“As we enter into The Age of Pleasure,” Janelle Monáe says in her new album’s PR blurb, “Lipstick Lover is our freeassmothafucka anthem… Our oasis made with love, rooted in self-acceptance, throbbing in self-discovery, and signed with cherry red kisses from me to you.”
At least you know where you stand with a statement like this. Monáe’s new album might best be described as the Kama Sutra put to music influenced by sexually fluid musicians and songwriters such as Prince, Madonna, David Bowie and Grace Jones (who makes a fleeting appearance, whispering French sweet nothings, on Ooh La La). Monáe has also prefaced the release of The Age of Pleasure with a mini-manifesto: “If the songs can’t work at the party, they’re not going on the album.”
The songs work, no question, with the likes of Lipstick Lover, Black Sugar Beach, The Rush, Paid in Pleasure, A Dry Red and Water Slide slipping and sliding over each other like eels, songs segueing smoothly to create a listening experience that might, like pleasure itself, be brief (a nifty 32 minutes is all you get), but it is immensely fulfilling. There’s nowhere to hide in Lipstick Lover: “I like lipstick on my neck, hands around my waist so you know what’s comin’ next… Leave a sticky hickey in a place I won’t forget.” Paid in Pleasure fires a sequence of money (if not Monáe) shots in rapid succession: “Baby, if you pay me in pleasure, I’ll make you be coming forever…”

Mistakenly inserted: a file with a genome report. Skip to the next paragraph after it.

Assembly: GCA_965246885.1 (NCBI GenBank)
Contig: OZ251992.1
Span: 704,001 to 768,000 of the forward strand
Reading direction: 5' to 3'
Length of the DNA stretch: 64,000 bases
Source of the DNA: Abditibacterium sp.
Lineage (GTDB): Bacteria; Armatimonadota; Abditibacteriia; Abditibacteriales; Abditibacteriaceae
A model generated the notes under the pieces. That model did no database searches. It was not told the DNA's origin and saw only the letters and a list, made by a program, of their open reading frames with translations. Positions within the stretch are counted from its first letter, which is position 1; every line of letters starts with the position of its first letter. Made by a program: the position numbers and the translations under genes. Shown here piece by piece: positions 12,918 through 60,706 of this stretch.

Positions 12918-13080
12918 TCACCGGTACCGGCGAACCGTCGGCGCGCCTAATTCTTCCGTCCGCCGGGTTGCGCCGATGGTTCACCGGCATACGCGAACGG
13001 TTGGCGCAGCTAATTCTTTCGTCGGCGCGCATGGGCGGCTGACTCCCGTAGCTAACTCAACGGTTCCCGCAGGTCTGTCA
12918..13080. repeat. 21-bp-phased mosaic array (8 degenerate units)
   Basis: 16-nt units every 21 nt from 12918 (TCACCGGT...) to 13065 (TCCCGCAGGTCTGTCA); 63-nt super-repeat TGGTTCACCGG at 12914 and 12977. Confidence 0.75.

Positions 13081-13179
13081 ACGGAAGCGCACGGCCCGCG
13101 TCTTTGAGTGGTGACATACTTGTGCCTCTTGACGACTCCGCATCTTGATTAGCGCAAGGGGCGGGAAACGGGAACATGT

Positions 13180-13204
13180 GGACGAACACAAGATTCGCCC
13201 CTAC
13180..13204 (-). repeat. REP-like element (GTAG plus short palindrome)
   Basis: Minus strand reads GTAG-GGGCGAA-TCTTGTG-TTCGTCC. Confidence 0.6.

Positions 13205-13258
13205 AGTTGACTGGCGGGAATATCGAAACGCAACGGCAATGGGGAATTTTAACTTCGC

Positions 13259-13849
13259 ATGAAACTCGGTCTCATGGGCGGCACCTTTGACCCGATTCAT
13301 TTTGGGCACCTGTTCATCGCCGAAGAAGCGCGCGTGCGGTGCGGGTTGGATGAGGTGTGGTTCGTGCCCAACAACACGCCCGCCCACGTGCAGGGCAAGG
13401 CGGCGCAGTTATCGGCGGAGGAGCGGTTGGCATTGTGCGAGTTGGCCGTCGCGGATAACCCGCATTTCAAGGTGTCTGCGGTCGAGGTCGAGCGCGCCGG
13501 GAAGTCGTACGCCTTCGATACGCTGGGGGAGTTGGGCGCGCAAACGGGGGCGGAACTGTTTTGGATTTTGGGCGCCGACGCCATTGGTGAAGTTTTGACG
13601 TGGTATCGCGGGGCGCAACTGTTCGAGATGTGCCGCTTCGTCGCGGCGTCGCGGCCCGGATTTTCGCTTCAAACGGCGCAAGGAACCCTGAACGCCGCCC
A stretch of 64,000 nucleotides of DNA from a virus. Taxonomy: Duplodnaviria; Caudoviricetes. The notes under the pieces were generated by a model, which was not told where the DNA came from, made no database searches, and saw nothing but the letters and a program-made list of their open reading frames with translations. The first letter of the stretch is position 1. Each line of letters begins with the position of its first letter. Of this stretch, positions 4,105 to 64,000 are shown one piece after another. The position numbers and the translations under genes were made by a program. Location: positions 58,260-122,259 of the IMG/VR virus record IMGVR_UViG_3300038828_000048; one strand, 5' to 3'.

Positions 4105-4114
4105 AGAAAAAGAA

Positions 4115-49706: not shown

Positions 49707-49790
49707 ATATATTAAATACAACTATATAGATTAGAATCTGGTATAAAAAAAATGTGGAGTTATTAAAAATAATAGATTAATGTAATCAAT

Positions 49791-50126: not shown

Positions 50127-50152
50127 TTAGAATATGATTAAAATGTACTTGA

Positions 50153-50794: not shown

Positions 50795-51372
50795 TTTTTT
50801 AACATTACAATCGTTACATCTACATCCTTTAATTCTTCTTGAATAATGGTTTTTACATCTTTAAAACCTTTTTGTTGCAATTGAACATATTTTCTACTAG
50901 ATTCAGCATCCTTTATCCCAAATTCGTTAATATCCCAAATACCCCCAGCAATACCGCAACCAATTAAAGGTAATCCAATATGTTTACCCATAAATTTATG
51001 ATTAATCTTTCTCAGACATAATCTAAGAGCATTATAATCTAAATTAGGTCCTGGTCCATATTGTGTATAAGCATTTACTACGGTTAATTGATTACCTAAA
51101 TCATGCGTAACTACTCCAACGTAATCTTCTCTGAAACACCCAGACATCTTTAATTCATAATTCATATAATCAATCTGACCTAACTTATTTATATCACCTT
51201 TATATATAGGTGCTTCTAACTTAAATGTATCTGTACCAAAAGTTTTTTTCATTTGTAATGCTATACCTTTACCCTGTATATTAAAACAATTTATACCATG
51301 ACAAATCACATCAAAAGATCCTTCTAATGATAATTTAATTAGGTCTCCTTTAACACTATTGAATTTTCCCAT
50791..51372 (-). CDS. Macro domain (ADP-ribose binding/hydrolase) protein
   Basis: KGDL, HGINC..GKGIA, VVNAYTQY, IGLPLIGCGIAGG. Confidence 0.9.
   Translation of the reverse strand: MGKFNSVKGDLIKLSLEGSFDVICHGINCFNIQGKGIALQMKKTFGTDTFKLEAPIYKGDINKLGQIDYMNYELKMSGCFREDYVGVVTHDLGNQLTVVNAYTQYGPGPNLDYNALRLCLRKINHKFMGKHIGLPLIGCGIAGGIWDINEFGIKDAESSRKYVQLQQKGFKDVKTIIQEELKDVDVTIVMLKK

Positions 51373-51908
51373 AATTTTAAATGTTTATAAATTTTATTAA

The Age of Pleasure, then, is as unapologetically forthright as it can get, convincingly packaged in musical styles that filter reggae, lover’s rock, Philly soul and nasty funk. Unlike previous high-concept works, such as The ArchAndroid (2010), The Electric Lady (2013), Dirty Computer (2018) and last year’s coauthored cyberpunk short-story collection, The Memory Librarian (which was based on Dirty Computer), Monáe’s new album isn’t inspired by the anxieties of an AI takeover or a raft of sci-fi alter egos (although Bowie’s Ziggy Stardust is referenced). Rather, the bottom line is the fundamental physical closeness of human connection, how, when all is said and done, face to face, skin to skin (be it in close proximity or appropriately social) is best.
“I’m looking at a thousand versions of myself,” Monáe sings in Phenomenal, “and we’re all fine as f**k”. You could say the same for this album. It’s an assertive piece of work that celebrates colour, sexuality and every-which-way gender identity. What else but: welcome to the Pleasuredome.